Alfred Russel Wallace (1823-1913)

Alfred Russel Wallace was a British naturalist, geographer and explorer. His research includes warning colouration in animals and geographic distribution of species. Most significantly he co-discovered the theory of evolution by natural selection. But it is usually Charles Darwin who receives all the credit.

The Malay Archipelago

Wallace spent eight years (1854 to 1862) travelling around the Malay Archipelago.  This is an area including Indonesia, Singapore and New Guinea. He studied all kinds of animals that lived there. But birds and beetles were his particular passion. He is particularly well known for his descriptions of birds of paradise. During this time Wallace wrote to Charles Darwin. He outlined his ideas on evolution by natural selection. This letter drove Darwin to publish ‘On the Origin of Species’ in 1859.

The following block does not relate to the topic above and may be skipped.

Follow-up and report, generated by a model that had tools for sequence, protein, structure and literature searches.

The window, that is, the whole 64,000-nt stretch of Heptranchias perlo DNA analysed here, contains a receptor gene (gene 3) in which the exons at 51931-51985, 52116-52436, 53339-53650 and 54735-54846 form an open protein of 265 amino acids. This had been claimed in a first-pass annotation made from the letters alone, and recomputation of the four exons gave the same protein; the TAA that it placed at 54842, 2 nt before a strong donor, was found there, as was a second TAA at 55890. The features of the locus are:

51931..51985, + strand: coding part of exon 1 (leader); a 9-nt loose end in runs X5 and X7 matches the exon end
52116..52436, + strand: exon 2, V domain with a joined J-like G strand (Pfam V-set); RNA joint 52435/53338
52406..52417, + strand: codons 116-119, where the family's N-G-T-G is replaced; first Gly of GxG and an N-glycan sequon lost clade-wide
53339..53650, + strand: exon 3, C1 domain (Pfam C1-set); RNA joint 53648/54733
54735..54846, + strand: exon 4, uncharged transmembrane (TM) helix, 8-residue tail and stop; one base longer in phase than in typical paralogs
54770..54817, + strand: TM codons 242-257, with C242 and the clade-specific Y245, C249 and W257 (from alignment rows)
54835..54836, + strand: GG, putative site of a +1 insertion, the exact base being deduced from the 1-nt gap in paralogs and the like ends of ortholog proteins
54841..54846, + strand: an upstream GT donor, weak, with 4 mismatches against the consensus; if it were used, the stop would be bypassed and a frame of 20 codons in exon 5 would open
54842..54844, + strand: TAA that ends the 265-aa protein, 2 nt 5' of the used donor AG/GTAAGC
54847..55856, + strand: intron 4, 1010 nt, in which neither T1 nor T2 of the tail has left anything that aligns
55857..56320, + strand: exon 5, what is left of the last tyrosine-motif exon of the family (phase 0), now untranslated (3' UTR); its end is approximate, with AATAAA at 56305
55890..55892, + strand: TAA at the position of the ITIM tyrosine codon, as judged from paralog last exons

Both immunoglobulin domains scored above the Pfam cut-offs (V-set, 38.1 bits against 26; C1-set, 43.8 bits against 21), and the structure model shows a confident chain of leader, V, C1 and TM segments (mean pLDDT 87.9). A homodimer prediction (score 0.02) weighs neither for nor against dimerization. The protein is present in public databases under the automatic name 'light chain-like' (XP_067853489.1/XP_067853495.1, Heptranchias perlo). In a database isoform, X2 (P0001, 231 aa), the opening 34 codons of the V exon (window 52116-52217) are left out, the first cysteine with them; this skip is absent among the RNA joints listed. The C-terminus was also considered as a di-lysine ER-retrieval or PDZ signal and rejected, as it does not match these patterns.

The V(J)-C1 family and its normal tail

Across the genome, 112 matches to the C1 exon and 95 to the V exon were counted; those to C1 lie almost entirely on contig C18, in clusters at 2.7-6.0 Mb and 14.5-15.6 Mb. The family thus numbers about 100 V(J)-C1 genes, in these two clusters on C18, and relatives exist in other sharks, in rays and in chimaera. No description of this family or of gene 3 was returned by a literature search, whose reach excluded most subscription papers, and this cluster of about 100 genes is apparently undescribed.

In 1869 he published ‘The Malay Archipelago, the land of the orang-utan and the bird of paradise: a narrative of travel, with studies of man and nature’. Together with biographies and published letters this book helped curators piece together the stories behind RAMM’s specimens.

Wallace specimens at RAMM

RAMM has a small group of specimens associated with Wallace in the zoology collection. All are from his time in the Malay Archipelago. The Moluccan starling is particularly insteresting.

Colour photograph of specimens associated with Alfred Russel Wallace on a white background. Five are snail shells, six are butterflies and one is a bird.

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